One letter written in 1890 includes more details and we think was written by Johanna (Schwans) Huisman since she states how many children her two sisters, Anna (Schwans) Gossel and Lena (Schwans) Snyder have. She says she has three girls, the oldest six and the youngest six months. By the process of elimination based on census records, we’ve identified the writer as Johanna.

There was a bit more material on the Schwans family in the letters but that is a topic for another post!


Posted in German Ancestry, Germany, Iowa, Schwans Genealogy, South Dakota | 2 Comments

Images of Logan Township, Clark County, South Dakota

The photo on the left is Logan Dam, a WPA project of the 1930s.  The concept was that “water attracts water” so this dam was built to combat drought conditions.   Logan Dam served as a fishing, swimming, and boating area for families in Logan Township, Clark County, South Dakota.  These photos were taken in the early 1980s.

The photo on the right shows some of the early fall colors.  This area included the main pasture across the road from the farm buildings.  The dark line in the distance is the earthen dam graded to trap water for the cattle.

These images are from the farm area where my husband Jim was raised, about five miles southwest of Raymond, South Dakota.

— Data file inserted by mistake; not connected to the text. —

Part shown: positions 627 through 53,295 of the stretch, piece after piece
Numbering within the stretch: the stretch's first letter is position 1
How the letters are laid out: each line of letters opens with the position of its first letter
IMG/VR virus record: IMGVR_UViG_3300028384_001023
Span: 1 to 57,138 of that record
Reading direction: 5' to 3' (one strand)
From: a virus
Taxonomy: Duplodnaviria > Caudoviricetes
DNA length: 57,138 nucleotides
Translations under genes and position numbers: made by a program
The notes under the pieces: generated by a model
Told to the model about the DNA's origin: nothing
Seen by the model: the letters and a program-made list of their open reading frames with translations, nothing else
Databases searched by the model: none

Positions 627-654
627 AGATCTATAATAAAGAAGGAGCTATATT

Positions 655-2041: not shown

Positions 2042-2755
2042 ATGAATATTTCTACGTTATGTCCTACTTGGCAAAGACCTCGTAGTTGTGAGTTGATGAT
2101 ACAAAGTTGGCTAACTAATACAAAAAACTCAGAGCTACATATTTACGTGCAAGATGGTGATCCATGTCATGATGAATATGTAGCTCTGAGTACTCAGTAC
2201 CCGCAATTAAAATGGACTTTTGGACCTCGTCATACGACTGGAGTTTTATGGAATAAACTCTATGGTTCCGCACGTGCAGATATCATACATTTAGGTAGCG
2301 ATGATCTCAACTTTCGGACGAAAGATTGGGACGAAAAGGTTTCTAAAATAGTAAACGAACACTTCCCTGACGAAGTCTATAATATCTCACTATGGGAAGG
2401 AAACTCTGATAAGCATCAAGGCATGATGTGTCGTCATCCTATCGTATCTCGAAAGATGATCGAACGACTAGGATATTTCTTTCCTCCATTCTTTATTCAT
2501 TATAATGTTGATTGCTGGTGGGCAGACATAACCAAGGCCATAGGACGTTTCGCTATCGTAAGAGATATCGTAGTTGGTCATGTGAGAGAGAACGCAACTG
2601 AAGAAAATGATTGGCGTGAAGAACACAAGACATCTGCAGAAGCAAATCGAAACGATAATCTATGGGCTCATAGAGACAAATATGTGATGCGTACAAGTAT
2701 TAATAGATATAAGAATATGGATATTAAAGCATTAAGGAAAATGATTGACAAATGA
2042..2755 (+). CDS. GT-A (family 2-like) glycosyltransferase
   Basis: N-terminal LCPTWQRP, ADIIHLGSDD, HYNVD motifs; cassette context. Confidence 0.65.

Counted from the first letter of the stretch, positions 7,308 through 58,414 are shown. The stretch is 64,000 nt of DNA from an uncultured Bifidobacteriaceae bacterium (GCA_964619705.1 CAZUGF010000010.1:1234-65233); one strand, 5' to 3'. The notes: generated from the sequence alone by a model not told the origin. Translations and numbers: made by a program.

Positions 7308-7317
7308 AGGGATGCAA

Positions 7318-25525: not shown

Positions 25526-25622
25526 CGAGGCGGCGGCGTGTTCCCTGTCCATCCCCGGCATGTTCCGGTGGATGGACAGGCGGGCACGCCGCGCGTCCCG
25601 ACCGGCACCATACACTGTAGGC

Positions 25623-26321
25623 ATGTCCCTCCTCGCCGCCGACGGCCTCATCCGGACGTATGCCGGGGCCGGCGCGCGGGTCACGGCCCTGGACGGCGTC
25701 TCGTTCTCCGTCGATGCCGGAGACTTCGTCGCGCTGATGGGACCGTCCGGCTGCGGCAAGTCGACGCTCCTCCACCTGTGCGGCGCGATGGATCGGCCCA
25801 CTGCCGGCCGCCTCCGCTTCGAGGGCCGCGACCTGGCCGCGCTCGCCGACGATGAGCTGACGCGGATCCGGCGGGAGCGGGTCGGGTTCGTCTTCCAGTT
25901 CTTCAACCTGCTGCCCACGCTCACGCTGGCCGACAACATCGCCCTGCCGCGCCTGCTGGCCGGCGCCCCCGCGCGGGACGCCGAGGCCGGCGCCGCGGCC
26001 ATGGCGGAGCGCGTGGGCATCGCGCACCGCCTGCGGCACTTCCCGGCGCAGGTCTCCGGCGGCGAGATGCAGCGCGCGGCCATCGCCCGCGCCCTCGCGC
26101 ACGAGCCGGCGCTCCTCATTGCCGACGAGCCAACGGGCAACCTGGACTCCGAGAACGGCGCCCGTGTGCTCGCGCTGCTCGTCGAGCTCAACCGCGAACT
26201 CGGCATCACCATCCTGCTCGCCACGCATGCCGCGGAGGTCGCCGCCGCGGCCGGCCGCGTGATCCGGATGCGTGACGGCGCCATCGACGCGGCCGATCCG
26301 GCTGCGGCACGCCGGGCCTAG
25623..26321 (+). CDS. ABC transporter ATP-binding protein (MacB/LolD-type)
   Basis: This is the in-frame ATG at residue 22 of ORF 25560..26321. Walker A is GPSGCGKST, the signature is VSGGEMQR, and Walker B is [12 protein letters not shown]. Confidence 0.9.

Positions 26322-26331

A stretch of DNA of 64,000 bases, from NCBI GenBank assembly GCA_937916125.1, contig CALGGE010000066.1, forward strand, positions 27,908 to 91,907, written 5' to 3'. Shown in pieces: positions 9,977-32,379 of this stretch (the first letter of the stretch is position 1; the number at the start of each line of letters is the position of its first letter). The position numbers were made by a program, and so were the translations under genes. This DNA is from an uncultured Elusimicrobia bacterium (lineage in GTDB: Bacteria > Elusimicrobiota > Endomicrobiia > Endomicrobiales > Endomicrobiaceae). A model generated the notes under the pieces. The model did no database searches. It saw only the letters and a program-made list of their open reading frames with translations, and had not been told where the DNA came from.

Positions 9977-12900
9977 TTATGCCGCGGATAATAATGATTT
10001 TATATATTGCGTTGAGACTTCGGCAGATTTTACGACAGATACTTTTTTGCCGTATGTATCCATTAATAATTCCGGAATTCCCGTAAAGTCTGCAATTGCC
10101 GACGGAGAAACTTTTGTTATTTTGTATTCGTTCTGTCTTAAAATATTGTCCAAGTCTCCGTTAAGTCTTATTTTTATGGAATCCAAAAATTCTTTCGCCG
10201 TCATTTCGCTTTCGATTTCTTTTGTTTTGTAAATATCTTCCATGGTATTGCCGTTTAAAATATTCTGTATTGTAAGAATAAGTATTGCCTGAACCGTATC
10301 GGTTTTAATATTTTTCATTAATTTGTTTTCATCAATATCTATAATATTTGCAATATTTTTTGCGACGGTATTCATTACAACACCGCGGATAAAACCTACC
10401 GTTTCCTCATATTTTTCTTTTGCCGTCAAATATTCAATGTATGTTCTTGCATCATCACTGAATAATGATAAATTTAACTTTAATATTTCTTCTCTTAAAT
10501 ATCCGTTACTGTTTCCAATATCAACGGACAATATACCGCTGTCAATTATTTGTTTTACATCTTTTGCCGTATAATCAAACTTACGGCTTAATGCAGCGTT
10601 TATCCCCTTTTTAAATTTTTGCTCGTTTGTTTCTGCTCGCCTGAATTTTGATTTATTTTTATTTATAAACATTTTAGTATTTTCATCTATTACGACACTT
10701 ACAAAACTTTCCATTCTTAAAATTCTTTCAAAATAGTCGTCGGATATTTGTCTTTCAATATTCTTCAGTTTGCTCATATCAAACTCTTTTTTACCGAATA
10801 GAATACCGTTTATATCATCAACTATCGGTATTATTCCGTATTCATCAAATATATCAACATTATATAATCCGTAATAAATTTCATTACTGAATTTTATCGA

Posted in Lohr family | Tagged , , , | 1 Comment

Eggvena Parish, Älvsborg County, Sweden


Photograph supplied by Betty Hanson Pomeroy, a descendant of John B. Johnson and Johanna Johnsdotter, who were baptized in this church at Eggvena, Sweden.  A bit of history of the church is available.  (In Swedish, but your browser will probably translate it to English.)

Some members of the Johnson family visited this church a few years ago.   What a precious moment that must have been.

Eggvena Church

John B. and Johanna are interred at Our Savior’s Lutheran Cemetery, rural Lily, South Dakota.  Various descendants had the tombstone cleaned.  RIP Johann B and Johanna Johnson.  John B. was a Civil War veteran.

John B cleaned 2

Posted in Hanson Family, Johnson Ancestry, Swedish Ancestry | Tagged , | 1 Comment

Update on the town of Lily, South Dakota

In previous posts, I’ve blogged about the very small town of Lily, South Dakota.  My mother-in-law was born and raised there, along with her eleven siblings.  Her parents and grandparents are interred at St. Ansgar Lutheran Church Cemetery in rural Day County.  Some of her Johnson family relatives rest at the nearby Our Savior Lutheran Church Cemetery.

(You can find my blog posts about the town and Lily  Lutheran Church by entering the word Lily in the search box on this page.)

Today I learned the town of Lily will officially cease to exist in March 2017 because there are no permanent residents.   The details can be found at this link from the South Dakota Magazine:           http://www.southdakotamagazine.com/lily-lives#1

If you have a connection to Lily, you will want to read the article and view the amazing photos.

One of my favorite memories of the town was in  the fall of 1997 when my husband Jim and I took his mother, Frances Hanson Lohr to visit there.  It was her final trip to her hometown as Frances passed away the following year.

Farewell, O Little Town of Lily, South Dakota!

Posted in Hanson Family, Memories, South Dakota | 3 Comments